Once again, students may use their textbooks or online resources to complete this assignment. Each poster must include a title, such as “Analogous Structures: A Pigeon’s Wing,” and a drawing of their assigned animal’s appendage with the six major bones labeled and color-coded using the same color key from the previous assignment. After 20 to 30 minutes, have students display their analogous structures poster next to their homologous structures poster.

Remind students that homologous structures appear similar but serve different functions, as in the case of the human arm and the bat’s wing, whereas analogous structures appear different but serve similar functions, as in the case of the pigeon’s wing and the bat’s wing. Be sure to note that in the case of analogous structures, the animals underwent convergent evolution—which means that under similar environmental conditions, the animals, though different species, evolved to accomplish the same task (e.g., to fly, as in the case of the pigeon and the bat).

In their groups, have students visit each pair of posters and answer the following questions in complete sentences:

  • How are these structures similar? Why are they similar?
  • How are these structures different? Why are they different?
  • What purpose does each structure serve?

Real World Connection

A superficial survey of the animal kingdom reveals substantial differences in the form and function of biological structures. But to ignore our similarities as sentient beings—with needs and desires that are unique to us as individuals—would be a disservice not just to our students but also to animals everywhere.

In addition to our anatomical similarities, human and nonhuman animals share psychological and emotional similarities as well. Chickens dream when they sleep, elephants use tools to accomplish tasks, and dolphins can recognize themselves in a mirror and have been observed examining their own tongues and eyes. Animals are capable of solving problems, anticipating the future, learning from past mistakes, recognizing old friends, showing appreciation to those who’ve helped them, enjoying music, communicating with each other, and showing empathy for others.

Yet many people consider animals’ worth to be based solely on the ways in which they can be used to benefit humans. From a biological perspective, if humans continue to exploit animals, we will not only decimate entire populations—if not cause entire species to go extinct—but also pollute the Earth and deplete its resources to the point that they are no longer viable for human consumption. It is, therefore, imperative that science teachers stress the vital role that animals play in our global ecosystem and the importance of protecting them.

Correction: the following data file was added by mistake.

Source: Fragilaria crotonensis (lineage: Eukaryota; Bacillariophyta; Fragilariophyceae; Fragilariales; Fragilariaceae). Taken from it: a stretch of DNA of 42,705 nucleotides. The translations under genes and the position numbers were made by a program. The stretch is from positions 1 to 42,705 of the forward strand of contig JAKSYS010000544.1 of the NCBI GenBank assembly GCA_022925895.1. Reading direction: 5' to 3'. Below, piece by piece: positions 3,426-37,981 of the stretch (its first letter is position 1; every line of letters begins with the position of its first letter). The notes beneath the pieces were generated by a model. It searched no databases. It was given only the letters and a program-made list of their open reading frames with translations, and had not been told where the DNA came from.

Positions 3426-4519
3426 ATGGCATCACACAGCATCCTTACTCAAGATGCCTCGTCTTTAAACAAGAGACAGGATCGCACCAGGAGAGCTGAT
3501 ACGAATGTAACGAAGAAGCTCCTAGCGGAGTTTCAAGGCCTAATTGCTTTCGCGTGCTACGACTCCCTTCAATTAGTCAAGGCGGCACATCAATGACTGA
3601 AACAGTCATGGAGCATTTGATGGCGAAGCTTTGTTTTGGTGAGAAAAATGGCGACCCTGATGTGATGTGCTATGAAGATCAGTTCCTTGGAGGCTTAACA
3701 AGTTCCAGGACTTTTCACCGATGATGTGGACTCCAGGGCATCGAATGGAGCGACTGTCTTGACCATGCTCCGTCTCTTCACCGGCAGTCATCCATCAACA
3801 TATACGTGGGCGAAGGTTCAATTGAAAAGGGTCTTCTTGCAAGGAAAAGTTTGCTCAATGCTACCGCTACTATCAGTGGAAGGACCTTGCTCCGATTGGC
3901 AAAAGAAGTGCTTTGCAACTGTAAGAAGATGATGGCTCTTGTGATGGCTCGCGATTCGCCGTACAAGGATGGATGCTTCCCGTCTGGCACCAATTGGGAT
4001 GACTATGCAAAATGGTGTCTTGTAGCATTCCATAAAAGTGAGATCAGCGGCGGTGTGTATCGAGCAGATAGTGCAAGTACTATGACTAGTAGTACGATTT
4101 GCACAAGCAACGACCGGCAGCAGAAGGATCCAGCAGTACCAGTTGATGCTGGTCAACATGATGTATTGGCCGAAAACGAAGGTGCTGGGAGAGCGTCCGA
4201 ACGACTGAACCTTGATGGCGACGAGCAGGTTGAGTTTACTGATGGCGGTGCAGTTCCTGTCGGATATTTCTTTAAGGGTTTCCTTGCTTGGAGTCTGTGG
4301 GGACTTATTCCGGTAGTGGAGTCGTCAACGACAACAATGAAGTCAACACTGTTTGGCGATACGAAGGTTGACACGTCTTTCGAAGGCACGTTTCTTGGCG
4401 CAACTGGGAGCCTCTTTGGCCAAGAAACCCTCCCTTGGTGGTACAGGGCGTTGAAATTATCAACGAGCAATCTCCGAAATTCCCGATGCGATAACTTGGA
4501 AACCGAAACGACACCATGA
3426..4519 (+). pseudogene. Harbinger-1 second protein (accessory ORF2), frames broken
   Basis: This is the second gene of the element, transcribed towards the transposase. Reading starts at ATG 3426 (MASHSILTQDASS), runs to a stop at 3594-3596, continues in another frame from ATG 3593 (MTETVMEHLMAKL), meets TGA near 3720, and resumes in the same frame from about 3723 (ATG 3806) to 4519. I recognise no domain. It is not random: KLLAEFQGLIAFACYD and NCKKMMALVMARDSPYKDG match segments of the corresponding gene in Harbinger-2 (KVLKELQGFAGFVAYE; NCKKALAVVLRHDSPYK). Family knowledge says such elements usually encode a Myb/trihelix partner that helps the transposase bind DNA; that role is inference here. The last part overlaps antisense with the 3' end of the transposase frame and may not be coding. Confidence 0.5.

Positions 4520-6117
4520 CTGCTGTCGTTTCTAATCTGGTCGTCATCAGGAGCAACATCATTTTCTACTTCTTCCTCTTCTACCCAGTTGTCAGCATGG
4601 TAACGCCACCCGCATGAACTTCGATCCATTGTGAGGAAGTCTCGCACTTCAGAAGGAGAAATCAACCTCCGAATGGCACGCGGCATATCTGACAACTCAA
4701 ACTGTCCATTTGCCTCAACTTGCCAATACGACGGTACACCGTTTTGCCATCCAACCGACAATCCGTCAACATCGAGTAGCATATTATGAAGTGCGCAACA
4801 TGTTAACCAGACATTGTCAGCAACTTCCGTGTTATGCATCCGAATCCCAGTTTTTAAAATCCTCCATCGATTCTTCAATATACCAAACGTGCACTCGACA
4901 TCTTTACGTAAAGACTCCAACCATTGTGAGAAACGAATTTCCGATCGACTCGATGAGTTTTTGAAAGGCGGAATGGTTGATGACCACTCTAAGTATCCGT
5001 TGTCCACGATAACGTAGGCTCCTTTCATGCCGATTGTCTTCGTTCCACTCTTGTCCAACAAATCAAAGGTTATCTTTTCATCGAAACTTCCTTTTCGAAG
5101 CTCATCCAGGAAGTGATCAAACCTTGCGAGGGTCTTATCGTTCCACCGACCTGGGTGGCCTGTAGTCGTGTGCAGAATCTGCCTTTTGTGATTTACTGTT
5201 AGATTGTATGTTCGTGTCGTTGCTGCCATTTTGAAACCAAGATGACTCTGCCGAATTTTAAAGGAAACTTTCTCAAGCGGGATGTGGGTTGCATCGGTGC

Closure

Share our “We Are All the Same” video with students, and discuss the false notion that human animals are superior to nonhuman animals. Ask students these questions:

  • On what grounds does this argument stand, if any?
  • Human animals may have created sophisticated technology, global infrastructure, lifesaving medicine, and more, but what equally destructive problems do they cause in the world?
  • How can humans use their intelligence and resources not only to solve the problems they’ve caused but also to improve the lives of human and nonhuman animals everywhere?

Assessment

  • What are homologous structures, and what information do they provide?
  • How do we determine if two structures are homologous or analogous?
  • Vertebrates and invertebrates alike feel pain. What evidence have you observed in your personal experiences to support this? (Hint: Insects, such as bees and ants, are invertebrates, as are worms. What do worms do when you accidentally dig them up from the ground?) Squid and octopuses are invertebrates. Have you ever heard of them doing amazing things?

Misconception

Some humans choose to ignore the remarkable similarities that they share with other animals and instead focus on how they are different from them in order to justify abusing them.

Reality

Animals are intelligent, complex, social, and sensitive beings who undeniably have the capacity to feel pain as humans do. Because of that, they deserve our consideration. There’s no ethical way to exploit a living, feeling being.

Extension

Similarities in the embryos of different species are also evidence of common ancestry. All vertebrate embryos, for example, have gill slits and tails. Most vertebrates—except for fish—lose their gills by adulthood. Some also lose their tails. In humans, the tail is reduced to the coccyx.

Next Generation Science Standard (NGSS) Standards Addressed

  • MS-LS4-2 Biological Evolution: Unity and Diversity: Apply scientific ideas to construct an explanation for the anatomical similarities and differences among modern organisms and between modern and fossil organisms to infer evolutionary relationships.

Additional Information

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 Ingrid E. Newkirk

“Almost all of us grew up eating meat, wearing leather, and going to circuses and zoos. We never considered the impact of these actions on the animals involved. For whatever reason, you are now asking the question: Why should animals have rights?” READ MORE

— Ingrid E. Newkirk, PETA President and co-author of Animalkind